HTML Parser - How to use Python BS4 to work less

Hello Coders,

This article presents a few code snippets coded in Python Beautiful Soup library and open-source web apps that use the components extracted and processed by the parsing code. Thanks for reading!

What is an HTML Parser

According to Wikipedia, Parsing or syntactic analysis is the process of analyzing a string of symbols, either in natural language or in computer languages, according to the rules of a formal grammar. The meaning of HTML parsing applied here consist into load the HTML, extract and process the relevant information like head title, page assets, main sections and later on, save the processed file.

Why to build an HTML Parser in 2020

The automated workflow, used by the AppSeed platform to generate web app uses  HTML parsing to manage list of task that usually requires manual work:

  • Components extraction from flat HTML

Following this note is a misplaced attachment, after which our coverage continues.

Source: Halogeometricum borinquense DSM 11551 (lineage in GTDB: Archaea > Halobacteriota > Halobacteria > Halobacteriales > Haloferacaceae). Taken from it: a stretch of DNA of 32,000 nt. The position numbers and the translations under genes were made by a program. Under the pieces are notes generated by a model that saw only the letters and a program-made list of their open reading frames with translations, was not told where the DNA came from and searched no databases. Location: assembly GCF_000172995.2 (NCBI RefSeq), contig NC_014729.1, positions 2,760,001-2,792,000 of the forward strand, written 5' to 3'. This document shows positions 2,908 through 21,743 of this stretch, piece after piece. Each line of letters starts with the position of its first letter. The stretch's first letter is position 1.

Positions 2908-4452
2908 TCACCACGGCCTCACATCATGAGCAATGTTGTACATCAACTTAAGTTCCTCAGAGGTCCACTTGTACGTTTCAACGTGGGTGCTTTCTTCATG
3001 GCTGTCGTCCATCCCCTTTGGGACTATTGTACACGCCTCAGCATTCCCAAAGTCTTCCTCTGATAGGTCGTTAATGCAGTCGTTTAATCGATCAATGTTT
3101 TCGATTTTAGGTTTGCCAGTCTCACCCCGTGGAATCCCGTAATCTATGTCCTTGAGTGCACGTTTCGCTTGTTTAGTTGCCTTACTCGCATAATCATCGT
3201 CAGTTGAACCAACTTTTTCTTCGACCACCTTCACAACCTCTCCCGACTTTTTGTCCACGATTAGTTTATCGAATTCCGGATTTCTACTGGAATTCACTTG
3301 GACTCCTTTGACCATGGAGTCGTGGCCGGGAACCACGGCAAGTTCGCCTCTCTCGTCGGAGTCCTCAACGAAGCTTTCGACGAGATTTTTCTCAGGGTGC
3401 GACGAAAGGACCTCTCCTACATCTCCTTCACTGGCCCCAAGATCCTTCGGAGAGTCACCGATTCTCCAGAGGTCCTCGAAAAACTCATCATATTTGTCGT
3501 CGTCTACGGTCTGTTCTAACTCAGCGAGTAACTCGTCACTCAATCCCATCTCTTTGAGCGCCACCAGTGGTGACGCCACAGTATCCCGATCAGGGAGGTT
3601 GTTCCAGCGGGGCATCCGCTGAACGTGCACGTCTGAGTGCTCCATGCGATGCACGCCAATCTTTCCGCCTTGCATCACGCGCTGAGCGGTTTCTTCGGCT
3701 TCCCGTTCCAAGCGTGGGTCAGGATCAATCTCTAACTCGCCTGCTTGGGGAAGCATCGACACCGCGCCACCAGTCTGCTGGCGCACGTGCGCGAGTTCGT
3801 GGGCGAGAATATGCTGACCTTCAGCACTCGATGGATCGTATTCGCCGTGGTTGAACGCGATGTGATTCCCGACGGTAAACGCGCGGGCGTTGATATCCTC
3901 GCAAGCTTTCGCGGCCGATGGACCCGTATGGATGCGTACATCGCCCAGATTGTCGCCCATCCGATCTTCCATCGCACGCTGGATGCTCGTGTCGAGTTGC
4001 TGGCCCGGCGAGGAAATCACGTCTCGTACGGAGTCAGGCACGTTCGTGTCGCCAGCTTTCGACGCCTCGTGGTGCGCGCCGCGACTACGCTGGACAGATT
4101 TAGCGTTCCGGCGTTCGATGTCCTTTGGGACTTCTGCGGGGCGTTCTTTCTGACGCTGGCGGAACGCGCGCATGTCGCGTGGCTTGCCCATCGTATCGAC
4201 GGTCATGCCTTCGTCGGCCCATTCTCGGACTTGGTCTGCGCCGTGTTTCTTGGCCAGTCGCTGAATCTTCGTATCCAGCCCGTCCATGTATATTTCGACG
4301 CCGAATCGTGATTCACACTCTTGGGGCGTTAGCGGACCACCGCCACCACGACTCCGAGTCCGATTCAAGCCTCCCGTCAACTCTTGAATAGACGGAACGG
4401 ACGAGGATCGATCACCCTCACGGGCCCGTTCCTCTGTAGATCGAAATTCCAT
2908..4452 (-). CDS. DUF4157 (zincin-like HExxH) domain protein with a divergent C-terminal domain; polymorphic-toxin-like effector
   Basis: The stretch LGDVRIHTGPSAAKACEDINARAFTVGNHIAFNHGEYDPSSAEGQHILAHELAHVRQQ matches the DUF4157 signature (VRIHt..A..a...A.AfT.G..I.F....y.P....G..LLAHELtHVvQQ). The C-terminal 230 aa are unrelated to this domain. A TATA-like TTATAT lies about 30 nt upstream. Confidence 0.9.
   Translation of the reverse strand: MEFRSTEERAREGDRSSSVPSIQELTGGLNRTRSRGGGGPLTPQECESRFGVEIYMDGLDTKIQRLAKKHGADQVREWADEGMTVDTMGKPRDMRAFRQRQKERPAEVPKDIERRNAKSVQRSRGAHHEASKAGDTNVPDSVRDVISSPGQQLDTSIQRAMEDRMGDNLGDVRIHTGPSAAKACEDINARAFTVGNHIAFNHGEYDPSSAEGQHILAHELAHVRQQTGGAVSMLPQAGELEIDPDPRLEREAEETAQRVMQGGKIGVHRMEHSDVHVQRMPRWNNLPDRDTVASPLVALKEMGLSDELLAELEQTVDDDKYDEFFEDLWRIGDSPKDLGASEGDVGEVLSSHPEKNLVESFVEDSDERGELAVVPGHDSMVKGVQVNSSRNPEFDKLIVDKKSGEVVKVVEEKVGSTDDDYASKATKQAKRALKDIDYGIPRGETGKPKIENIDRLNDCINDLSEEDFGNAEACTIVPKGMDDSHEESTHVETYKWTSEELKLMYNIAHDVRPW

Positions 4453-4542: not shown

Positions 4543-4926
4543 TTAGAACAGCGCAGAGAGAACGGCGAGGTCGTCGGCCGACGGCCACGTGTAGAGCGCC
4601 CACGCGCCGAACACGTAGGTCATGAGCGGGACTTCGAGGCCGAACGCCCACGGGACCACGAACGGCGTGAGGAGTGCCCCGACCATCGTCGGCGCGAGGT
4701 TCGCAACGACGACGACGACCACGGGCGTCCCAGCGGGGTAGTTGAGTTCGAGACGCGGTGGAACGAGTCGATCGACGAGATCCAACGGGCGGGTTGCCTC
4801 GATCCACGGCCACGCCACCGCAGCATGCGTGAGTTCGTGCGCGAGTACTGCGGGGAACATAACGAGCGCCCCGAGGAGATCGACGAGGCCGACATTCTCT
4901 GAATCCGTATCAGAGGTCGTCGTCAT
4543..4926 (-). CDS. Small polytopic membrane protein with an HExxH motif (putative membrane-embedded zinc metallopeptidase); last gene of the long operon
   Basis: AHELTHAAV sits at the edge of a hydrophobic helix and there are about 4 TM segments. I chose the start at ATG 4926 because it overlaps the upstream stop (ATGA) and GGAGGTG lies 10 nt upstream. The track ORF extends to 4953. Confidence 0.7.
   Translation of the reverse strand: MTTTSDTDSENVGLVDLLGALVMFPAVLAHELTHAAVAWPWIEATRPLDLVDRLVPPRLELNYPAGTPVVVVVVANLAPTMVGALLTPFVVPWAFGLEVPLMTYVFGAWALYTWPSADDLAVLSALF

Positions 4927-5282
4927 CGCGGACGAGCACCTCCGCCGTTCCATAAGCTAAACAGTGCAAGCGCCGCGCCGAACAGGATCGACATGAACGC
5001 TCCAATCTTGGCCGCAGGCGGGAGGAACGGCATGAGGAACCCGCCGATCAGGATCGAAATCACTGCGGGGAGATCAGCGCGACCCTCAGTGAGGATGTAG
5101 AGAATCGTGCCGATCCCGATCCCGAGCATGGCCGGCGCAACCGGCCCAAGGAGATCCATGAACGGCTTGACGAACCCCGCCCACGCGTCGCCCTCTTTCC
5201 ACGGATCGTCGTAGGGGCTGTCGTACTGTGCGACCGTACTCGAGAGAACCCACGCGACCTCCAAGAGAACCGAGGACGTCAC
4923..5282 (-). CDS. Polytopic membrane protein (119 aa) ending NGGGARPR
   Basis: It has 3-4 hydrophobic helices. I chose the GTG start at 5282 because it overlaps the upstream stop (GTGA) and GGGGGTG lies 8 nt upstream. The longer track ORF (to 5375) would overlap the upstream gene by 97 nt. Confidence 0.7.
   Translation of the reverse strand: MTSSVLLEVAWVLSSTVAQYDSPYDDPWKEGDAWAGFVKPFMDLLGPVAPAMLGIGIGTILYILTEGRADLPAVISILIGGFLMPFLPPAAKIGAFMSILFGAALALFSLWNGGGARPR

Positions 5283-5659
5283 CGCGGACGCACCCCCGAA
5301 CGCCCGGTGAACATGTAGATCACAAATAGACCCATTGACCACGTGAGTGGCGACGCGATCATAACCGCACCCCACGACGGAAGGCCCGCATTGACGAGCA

• Master pages detection (by comparing the pages DOM tree)
  • Hard-coded texts removal
  • Sometimes, assets tuning (CSS compression, JS minification)
  • Export for various template engines: Jinja2, Django native, Blade, Mustache

After this phase is completed, the production-ready UI and components are injected into boilerplate code and usable web apps, coded in many languages and patterns are produced. Using this process, in 2019 more than 170 web apps has been released as open-source projects (on Github):

For more free apps (and commercial), please access the AppSeed platform. Thank you!

Set up HTML parsing environment

In order to execute the code snippets presented in this article, we need Python3 installed in the workstation. Please note that Python2 reaches the EOL in jan.2020, and is recommended to move your legacy projects to the latest version.

As mentioned, the code will use  BeautifulSoup parsing library, written in Python. Let's open a terminal and install the magic:

$ # The magic library BeautifulSoup
$ pip install BeautifulSoup # the real magic is here 
$ # requests - library to pull HTML from a live website